One of the first things that you could do in dealing with your flaws is to turn them into assets. There’s really no such thing as an irredeemable trait.
For example, if you have a tough time telling the truth, then you’re a great storyteller. Run with it. Of course, you’re going to tell people that you’re engaged in fiction.
Maybe you can be a good writer, presenter, narrator, or even a brainstorm specialist. Since you’re good at inventing things, why not put many different concepts together and figure out what you come up with?
It may well lead to better products, better marketing strategies, and better product positioning.
If you have bug eyes, please understand that some people are very drawn to people with big eyes.
There are certain fashion accessories that make big eyes look very attractive. If you have a big head, the same analysis goes.
The truth is, there is no such thing as an irredeemable trait. There’s nothing that makes you irredeemably ugly and worthy of only rejection. To turn your flaws into assets, you only need to look at the root.
Look to the root
What is the root of your flaw?
Is it your personality?
Is it how you define things?
Is it how you react to things or is it a physical thing?
Once you’ve identified it, ask yourself, “Can it be converted?”
For example, if you tend to lie a lot or exaggerate things, maybe you can be a great storyteller. Maybe you can be an idea person that comes up with weird or unexpected connections between ideas or concepts.
If you have big eyes, can they be converted into assets? I don’t know about you, but one of the most attractive women I’ve ever known actually had big eyes.
Next, you could ask yourself when you look at the root of the flaw, can it be redirected? Can it be combined with other things to produce something positive?
If you are a very disruptive person, you’re always looking for division. You might find yourself in a situation where that kind of skill is not only viewed positively but is actually in-demand.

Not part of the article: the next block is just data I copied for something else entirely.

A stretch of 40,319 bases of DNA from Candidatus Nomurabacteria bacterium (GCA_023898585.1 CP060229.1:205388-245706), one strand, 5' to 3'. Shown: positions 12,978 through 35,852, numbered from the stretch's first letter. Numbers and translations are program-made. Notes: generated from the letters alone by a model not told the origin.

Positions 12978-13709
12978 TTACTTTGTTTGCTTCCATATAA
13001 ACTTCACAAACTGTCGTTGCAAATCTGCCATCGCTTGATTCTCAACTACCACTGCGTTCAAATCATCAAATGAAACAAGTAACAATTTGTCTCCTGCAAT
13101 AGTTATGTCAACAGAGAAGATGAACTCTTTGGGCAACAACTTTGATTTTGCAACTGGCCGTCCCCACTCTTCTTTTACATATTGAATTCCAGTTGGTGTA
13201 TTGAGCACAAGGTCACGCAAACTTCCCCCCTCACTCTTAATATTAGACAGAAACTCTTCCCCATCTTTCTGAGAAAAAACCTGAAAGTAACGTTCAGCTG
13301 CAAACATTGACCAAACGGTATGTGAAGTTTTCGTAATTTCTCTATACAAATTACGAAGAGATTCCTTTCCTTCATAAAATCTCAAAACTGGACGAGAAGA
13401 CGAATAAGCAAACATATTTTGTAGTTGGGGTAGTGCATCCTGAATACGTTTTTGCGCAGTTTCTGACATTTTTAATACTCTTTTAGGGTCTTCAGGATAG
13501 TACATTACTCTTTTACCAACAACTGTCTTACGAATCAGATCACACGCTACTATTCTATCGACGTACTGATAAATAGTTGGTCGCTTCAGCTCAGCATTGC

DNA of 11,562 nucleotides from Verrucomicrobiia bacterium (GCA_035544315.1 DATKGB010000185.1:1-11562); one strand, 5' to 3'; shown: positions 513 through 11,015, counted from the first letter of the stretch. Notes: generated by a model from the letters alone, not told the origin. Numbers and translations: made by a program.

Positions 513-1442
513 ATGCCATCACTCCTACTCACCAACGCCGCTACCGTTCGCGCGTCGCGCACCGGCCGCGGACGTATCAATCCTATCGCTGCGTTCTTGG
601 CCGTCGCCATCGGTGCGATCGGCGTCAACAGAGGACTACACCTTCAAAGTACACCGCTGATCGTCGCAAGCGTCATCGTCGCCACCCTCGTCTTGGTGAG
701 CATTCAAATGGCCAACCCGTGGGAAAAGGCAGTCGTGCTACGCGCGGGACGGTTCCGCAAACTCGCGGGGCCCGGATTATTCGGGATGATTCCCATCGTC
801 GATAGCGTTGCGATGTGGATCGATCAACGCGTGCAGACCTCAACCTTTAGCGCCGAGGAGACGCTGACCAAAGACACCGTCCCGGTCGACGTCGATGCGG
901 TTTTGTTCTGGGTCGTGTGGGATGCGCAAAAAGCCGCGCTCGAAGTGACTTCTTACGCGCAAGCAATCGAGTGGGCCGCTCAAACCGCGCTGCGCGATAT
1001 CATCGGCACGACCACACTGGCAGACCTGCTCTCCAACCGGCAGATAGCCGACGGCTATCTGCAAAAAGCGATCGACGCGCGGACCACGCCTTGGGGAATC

For example, you can be a great litigator. Since you’re always looking for division, you’re always looking for the other side of the argument. You’re always looking to poke holes in people’s stories.
Now, in most normal relationships, that can get quite annoying very quickly. That can cause a lot of fights and hurt feelings. However, in a courtroom, that can be a good thing. You see where I’m coming from? See if you can redirect the flaw.
Great minds discuss ideas; average minds discuss events; small minds discuss people.
– Eleanor Roosevelt
Change your mental habits
A lot of our emotional and psychological flaws really boil down to how we interpret the world. These interpretation issues come out of habit.
A habit is something that you keep doing once you detect some sort of trigger or cue because it leads you to a reward.
- For example, if you’re a smoker, chances are one of your triggers is eating. When you feel full after a meal, you smoke because you get that nice, mellow rush.
- For example, if you say things you later regret, ask yourself if this is a lack of tact you learned from your family, or if it is your reaction to awkward situations.
- If you spend too much money, ask yourself what triggers these incidents, how you first started spending money, and what you hope for when you are spending.
- Maybe you feel that you are too emotional. Reframe this thought to remind yourself that your emotionality is the reason why you have strong empathy skills to comfort others during hard times, and why people seek you out for care and assistance.
The more you can understand these past behaviors.
Positive reframing will not change these qualities, but it can give you a healthy change in perspective that will help you accept yourself.
Re-frame How you view Self-improvement.
When there is something you want to work on, you are not eliminating or hiding a flaw of yours; rather, you are learning new skills.
Instead of “I’m going to stop talking so much,” tell yourself “I’m going to learn how to listen better.”
Instead of “I’m going to stop being so judgmental,” try “I’m going to work harder on understanding and accepting perspectives and lifestyles different from my own.”
Instead of “I’m going to lose weight,” try “I’m going to work on taking better care of my body by exercising more, eating better, and reducing stress.”
Part -1 Joy of Being Imperfect If you don’t accept yourself who will?
Part -2 Joy of Being Imperfect – Work on Self Respect which leads to Self-Love?”
Part-3 Joy of Being Imperfect – Letting go of Harmful Perfection
Part-4 Joy of Being Imperfect – Bravely Acknowledging your Flaws
Part-5 Joy of Being Imperfect – Quit Apologizing for your Flaws
Part-7 Finale Joy of Being Imperfect – Learning to Move on